• Now breathe out slowly through your mouth (or nose, whichever) and repeat.

De-stressing shouldn’t stress you out. Which one are you going to try now: giggling, socializing or moving?

Let’s do this, and be Healthy For Good!

Last reviewed 7/2017 https://www.heart.org/en/healthy-living/healthy-lifestyle/stress-management/lower-stress-how-does-stress-affect-the-body

1American Psychological Association 2017 Survey Report, Stress in America: Coping with Change http://www.apa.org/news/press/releases/stress/2016/coping-with-change.PDF.

2U.S. Department of Health and Human Services, Office on Women’s Health, Stress and your health https://www.womenshealth.gov/a-z-topics/stress-and-your-health

3Centers for Disease Control and Prevention, Coping with Stress https://www.cdc.gov/Features/CopingWithStress/index.html.

4National Sleep Foundation, How Much Sleep Do We Really Need? https://sleepfoundation.org/how-sleep-works/how-much-sleep-do-we-really-need

5Harvard Health Publications, Harvard Medical School, Relaxation techniques: Breath control helps quell errant stress response http://www.health.harvard.edu/mind-and-mood/relaxation-techniques-breath-control-helps-quell-errant-stress-response.

7 ways to reduce stress and keep blood pressure down

When it comes to preventing and treating high blood pressure, one often-overlooked strategy is managing stress. If you often find yourself tense and on-edge, try these seven ways to reduce stress.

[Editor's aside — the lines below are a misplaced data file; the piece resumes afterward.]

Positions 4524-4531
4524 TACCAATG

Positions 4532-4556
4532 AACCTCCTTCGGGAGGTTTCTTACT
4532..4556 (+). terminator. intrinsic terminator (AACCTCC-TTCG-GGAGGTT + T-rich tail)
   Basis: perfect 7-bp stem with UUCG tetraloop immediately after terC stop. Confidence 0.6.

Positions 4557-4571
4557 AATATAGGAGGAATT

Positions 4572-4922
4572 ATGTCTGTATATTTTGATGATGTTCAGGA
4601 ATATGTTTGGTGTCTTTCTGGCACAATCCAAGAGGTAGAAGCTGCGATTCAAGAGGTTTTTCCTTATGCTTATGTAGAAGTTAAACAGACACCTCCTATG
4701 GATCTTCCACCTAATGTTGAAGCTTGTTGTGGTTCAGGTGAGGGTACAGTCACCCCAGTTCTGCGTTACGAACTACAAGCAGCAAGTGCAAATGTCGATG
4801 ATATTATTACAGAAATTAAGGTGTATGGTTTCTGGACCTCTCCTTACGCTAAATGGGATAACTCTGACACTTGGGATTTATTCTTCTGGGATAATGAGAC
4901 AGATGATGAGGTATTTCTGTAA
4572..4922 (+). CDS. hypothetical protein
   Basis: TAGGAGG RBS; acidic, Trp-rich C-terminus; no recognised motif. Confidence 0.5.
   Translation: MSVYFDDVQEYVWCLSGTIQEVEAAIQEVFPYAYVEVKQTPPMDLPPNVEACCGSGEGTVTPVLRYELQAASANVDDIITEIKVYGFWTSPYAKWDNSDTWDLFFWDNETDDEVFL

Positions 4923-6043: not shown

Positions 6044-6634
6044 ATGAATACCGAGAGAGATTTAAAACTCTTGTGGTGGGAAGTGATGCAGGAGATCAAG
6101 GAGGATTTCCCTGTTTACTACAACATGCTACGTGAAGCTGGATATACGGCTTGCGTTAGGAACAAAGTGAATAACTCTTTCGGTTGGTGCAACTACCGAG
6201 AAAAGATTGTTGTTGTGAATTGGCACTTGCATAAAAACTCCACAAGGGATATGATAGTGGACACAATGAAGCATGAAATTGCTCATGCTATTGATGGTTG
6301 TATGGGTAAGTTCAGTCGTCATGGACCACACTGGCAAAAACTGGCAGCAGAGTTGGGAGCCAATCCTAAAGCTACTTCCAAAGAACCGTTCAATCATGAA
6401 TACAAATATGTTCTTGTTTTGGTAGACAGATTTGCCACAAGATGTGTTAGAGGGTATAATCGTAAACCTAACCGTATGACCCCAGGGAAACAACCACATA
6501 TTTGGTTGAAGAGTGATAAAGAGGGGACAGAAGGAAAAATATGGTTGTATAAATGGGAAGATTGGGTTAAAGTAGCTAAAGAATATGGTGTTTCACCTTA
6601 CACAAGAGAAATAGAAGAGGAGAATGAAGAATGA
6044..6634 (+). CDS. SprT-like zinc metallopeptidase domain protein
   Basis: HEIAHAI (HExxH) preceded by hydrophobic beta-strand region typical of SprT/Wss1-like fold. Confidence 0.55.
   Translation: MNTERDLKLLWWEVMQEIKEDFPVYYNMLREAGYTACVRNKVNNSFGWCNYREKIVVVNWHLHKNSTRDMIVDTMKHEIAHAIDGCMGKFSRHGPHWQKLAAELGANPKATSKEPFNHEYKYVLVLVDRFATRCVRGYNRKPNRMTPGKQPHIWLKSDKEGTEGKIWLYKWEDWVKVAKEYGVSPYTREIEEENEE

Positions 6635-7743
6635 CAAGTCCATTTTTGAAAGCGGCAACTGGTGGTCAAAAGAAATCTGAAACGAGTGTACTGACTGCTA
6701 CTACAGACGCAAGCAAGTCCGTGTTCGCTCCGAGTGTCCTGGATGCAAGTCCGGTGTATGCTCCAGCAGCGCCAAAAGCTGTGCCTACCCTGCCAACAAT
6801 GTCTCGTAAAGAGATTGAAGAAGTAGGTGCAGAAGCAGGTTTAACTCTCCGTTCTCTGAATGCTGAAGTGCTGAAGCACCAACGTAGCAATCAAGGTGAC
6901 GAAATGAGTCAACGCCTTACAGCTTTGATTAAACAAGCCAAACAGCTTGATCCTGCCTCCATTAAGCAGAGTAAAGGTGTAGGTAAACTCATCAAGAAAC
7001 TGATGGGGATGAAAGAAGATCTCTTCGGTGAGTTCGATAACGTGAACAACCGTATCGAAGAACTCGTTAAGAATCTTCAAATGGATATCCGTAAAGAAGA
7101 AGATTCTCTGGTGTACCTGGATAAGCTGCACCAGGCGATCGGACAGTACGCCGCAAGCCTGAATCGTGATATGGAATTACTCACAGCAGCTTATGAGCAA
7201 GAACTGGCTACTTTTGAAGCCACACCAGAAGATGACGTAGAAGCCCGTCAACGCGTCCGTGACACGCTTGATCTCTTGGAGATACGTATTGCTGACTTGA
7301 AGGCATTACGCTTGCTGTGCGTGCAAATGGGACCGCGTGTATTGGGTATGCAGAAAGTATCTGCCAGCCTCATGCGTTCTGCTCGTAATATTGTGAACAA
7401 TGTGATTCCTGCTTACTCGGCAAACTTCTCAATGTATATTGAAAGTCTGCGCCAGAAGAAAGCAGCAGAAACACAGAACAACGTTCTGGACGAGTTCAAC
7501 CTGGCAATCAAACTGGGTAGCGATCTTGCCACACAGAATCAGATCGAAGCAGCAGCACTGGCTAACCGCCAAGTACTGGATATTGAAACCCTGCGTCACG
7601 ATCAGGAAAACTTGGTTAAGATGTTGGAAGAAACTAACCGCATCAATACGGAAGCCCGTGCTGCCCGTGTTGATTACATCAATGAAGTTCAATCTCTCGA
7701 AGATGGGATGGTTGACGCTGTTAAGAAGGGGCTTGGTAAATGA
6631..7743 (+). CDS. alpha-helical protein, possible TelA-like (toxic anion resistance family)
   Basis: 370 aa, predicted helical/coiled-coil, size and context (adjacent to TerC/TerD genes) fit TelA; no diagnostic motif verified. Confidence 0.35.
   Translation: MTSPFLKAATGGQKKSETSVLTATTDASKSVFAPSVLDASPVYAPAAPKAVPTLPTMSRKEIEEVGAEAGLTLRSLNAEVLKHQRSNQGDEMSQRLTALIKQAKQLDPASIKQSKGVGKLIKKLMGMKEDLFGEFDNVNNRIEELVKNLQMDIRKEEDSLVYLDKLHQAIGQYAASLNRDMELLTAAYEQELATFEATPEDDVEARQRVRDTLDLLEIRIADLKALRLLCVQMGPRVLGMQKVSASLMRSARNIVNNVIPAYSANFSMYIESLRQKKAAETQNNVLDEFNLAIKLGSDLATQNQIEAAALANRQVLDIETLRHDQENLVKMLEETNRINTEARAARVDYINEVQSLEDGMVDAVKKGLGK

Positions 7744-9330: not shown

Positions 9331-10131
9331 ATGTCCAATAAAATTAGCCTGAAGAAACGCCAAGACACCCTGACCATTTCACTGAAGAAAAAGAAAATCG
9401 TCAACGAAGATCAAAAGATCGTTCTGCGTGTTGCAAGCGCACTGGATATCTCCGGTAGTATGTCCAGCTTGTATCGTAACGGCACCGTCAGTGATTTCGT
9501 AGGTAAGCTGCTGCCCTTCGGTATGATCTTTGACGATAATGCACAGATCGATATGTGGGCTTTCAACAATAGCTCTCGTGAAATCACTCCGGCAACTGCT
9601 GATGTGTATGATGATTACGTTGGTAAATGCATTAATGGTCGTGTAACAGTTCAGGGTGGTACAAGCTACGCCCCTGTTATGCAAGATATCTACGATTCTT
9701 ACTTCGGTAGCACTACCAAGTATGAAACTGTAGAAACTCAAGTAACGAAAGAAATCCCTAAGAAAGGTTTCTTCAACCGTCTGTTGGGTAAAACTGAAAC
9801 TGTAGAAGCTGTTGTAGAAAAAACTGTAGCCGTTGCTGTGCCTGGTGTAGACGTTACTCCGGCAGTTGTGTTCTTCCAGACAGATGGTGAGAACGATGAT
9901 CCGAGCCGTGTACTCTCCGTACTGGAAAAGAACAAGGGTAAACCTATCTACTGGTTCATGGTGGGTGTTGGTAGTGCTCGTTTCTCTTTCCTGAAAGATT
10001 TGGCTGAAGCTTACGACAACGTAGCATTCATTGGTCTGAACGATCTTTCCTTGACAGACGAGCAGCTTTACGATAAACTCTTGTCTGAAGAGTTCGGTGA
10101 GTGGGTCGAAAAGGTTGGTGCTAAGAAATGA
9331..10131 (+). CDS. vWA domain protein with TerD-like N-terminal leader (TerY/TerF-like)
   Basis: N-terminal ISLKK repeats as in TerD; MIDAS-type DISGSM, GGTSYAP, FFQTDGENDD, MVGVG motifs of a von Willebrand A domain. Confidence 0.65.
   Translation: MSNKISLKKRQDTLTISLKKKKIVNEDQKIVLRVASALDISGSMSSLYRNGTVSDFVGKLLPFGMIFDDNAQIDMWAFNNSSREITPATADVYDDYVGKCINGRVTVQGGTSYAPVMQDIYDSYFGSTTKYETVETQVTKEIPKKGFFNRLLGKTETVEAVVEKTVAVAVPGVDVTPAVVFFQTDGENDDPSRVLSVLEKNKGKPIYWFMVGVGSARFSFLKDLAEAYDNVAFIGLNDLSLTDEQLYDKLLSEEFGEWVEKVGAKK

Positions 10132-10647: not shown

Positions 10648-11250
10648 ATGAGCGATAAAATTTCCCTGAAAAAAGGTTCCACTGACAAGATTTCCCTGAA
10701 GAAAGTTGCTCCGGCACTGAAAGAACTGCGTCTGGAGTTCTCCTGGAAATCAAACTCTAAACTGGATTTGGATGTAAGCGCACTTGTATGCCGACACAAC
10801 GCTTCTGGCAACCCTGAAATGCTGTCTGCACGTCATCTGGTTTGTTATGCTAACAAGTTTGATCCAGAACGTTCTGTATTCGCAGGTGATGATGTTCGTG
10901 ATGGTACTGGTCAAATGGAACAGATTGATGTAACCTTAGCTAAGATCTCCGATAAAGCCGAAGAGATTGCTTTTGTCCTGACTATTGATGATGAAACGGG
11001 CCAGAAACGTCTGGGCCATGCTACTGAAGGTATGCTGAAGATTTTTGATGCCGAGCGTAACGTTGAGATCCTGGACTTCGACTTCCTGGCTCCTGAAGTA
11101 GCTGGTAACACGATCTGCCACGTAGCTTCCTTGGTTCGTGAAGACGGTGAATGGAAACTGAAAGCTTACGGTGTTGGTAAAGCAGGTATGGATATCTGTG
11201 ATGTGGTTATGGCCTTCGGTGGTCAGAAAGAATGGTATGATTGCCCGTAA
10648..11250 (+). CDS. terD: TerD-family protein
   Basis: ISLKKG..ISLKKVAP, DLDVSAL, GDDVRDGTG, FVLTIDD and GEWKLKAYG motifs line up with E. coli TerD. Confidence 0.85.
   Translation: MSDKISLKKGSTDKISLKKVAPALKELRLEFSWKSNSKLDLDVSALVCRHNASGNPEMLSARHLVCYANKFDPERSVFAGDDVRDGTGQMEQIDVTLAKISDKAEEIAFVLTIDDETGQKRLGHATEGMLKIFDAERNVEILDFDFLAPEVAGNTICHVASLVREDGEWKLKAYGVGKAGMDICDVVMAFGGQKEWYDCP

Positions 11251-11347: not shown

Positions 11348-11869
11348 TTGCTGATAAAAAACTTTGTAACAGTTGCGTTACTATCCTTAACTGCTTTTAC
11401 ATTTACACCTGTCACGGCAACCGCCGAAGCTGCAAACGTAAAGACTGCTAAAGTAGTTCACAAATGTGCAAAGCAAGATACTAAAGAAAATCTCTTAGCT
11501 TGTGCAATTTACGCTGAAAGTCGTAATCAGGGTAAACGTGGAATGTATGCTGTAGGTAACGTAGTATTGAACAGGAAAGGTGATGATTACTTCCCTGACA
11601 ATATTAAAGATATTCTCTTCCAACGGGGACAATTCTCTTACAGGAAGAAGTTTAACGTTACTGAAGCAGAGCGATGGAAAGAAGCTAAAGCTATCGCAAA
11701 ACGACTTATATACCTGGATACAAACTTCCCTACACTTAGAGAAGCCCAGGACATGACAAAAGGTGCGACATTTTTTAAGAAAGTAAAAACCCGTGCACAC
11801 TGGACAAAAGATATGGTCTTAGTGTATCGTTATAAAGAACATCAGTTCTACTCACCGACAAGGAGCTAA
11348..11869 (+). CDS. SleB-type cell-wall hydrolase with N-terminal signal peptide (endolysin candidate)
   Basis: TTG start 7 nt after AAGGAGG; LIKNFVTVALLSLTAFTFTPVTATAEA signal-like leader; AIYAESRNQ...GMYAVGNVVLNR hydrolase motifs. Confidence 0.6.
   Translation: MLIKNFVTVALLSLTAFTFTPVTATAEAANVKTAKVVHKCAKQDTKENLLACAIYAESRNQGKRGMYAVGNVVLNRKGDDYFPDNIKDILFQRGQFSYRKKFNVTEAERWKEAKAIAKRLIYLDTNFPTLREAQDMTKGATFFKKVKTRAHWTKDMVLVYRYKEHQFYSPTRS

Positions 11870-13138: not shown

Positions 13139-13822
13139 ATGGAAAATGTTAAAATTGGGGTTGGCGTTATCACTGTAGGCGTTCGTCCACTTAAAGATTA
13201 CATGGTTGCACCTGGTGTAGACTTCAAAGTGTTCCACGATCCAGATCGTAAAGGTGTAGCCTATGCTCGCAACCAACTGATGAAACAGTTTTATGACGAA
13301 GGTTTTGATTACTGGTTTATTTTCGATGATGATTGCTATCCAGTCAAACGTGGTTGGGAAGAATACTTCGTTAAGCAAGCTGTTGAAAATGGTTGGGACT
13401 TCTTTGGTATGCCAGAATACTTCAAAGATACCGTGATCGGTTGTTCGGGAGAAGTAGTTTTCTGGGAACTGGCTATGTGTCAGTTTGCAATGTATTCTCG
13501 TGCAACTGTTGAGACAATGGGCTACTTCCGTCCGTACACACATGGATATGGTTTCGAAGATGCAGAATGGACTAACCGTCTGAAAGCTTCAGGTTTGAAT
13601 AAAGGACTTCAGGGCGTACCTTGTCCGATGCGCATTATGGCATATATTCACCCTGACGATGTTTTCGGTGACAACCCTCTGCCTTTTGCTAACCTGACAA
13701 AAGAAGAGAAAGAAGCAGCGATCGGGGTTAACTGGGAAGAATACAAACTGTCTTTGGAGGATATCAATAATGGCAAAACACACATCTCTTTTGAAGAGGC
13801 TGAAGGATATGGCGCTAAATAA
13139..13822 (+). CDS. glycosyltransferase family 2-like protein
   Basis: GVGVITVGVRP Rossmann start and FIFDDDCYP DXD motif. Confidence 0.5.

1. Get enough sleep. Inadequate or poor-quality sleep can negatively affect your mood, mental alertness, energy level, and physical health.
  2. Learn relaxation techniques. Meditation, progressive muscle relaxation, guided imagery, deep breathing exercises, and yoga are powerful relaxation techniques and stress-busters.
  3. Strengthen your social network. Connect with others by taking a class, joining an organization, or participating in a support group.
  4. Hone your time-management skills. The more efficiently you can juggle work and family demands, the lower your stress level.
  5. Try to resolve stressful situations if you can. Don’t let stressful situations fester. Hold family problem-solving sessions and use negotiation skills at home and at work.
  6. Nurture yourself. Treat yourself to a massage. Truly savor an experience: for example, eat slowly and really focus on the taste and sensations of each bite. Take a walk or a nap, or listen to your favorite music.
  7. Ask for help. Don’t be afraid to ask for help from your spouse, friends, and neighbors. If stress and anxiety persist, talk to your doctor.

Along with these ways to reduce stress, add in a healthy lifestyle — maintaining a healthy weight, not smoking, regular exercise, and a diet that includes fruits, vegetables, whole grains, lean protein, and healthful fats — and high blood pressure could be a thing of the past.